Sammy grew up speaking Laotian with her family and John speaking Spanish with his. Although John doesn't speak Laotian and Sammy doesn't speak Spanish, they don't find language to be a hindrance in their relationship.

"In most interracial couples, that could tend to create a language barrier because communication can be broken," John said. "Because things translated in English are translated differently in Spanish."

But Sammy and John share a different bond: the bond of growing up as children of immigrant parents.

"I think it also has a lot to do with the fact that we are both American and we have more in common than our differences," Sammy says.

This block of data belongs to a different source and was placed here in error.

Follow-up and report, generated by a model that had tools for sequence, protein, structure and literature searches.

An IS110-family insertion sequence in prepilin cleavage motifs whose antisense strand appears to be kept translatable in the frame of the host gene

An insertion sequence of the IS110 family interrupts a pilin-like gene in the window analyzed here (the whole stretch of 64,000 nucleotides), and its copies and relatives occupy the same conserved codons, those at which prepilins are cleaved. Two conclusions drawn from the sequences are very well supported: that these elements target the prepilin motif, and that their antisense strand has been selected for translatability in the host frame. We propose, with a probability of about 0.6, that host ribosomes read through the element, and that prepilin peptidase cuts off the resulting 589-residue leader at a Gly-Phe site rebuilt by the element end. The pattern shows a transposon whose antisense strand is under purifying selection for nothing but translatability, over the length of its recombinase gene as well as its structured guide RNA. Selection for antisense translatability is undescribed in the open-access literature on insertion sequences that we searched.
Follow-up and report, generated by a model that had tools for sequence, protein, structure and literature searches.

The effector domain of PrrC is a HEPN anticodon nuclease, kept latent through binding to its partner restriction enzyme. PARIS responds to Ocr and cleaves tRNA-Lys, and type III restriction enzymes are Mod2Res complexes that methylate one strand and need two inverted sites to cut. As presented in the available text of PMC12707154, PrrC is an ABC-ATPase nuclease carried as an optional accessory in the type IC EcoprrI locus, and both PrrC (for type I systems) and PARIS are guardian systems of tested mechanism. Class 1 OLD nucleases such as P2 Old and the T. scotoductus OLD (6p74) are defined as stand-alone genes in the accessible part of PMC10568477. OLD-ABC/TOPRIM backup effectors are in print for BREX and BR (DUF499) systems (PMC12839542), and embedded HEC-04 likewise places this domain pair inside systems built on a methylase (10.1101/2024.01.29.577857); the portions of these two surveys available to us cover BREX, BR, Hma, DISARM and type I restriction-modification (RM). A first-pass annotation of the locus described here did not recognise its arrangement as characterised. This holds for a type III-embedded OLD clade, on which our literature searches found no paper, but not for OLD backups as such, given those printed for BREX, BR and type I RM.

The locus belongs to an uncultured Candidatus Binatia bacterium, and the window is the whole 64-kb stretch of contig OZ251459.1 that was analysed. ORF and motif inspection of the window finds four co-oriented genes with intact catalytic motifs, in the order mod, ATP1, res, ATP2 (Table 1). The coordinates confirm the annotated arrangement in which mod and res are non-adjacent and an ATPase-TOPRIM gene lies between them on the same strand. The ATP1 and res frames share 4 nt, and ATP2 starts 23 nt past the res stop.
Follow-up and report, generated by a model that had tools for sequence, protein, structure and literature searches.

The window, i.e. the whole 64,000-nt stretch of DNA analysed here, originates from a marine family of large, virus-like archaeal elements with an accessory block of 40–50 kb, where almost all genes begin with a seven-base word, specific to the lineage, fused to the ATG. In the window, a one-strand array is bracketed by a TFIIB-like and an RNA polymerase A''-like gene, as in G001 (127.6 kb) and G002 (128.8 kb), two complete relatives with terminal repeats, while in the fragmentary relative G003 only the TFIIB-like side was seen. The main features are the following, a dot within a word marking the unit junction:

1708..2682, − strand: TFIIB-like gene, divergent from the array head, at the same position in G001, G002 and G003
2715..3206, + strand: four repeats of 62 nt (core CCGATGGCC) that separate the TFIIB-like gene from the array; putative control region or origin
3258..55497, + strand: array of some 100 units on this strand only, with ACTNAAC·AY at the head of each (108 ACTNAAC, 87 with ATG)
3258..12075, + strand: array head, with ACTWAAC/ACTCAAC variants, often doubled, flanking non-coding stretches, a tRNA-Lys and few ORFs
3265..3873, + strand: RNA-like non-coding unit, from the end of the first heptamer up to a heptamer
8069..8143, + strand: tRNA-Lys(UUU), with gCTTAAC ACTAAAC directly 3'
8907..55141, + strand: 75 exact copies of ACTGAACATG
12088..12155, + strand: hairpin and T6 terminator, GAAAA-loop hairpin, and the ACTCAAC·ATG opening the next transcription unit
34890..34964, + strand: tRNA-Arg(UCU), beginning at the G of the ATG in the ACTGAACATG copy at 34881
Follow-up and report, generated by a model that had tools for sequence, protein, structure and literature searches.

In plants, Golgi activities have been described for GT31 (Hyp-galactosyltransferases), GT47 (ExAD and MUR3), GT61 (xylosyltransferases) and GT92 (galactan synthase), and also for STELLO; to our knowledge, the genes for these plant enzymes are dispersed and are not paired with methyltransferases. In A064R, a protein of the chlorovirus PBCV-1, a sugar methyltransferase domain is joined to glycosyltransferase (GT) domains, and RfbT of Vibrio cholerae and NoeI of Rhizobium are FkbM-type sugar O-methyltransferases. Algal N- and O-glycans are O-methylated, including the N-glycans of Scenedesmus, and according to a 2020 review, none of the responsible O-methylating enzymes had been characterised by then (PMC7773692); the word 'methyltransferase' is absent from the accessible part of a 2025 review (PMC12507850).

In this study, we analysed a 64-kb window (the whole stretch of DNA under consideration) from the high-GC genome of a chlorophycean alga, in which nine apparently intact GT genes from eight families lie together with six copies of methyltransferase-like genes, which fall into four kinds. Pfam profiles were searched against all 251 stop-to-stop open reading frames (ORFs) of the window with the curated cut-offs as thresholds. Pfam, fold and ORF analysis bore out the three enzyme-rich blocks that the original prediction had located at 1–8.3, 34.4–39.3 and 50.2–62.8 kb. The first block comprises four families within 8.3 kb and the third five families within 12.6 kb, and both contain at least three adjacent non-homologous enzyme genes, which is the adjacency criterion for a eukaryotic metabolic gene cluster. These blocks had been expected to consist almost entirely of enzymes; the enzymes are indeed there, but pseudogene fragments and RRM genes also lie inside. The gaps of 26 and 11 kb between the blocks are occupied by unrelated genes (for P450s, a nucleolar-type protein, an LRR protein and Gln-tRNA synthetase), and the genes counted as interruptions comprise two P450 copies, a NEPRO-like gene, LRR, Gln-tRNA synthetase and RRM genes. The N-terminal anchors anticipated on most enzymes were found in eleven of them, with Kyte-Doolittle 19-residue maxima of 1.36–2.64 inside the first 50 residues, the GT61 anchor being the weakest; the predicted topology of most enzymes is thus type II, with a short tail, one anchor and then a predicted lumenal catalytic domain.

She adds that being "open-minded" is key in an interracial relationship.

"John is really great about wanting to learn about my culture and experience and trying different foods," she says. "And I always want to know about his culture."

Meet Zihao Huang and Dani Garcia:

An image of the couple embracing, with a kiss on the cheek
Courtesy of Zihao Huang and Dani Garcia

Age: 27 and 32
Location: Mexico City
Relationship Length: 2 years
Race/Ethnicity: Asian American and Mexican

Ask Zihao how he met Dani and he'll jokingly tell you a romantic story about how their eyes met while picking up the same plátano at the market. It's false, but their relationship isn't. It's one built on mutual respect, love, and trust.

"If you say something about my boyfriend, it's like you're attacking me," Dani says.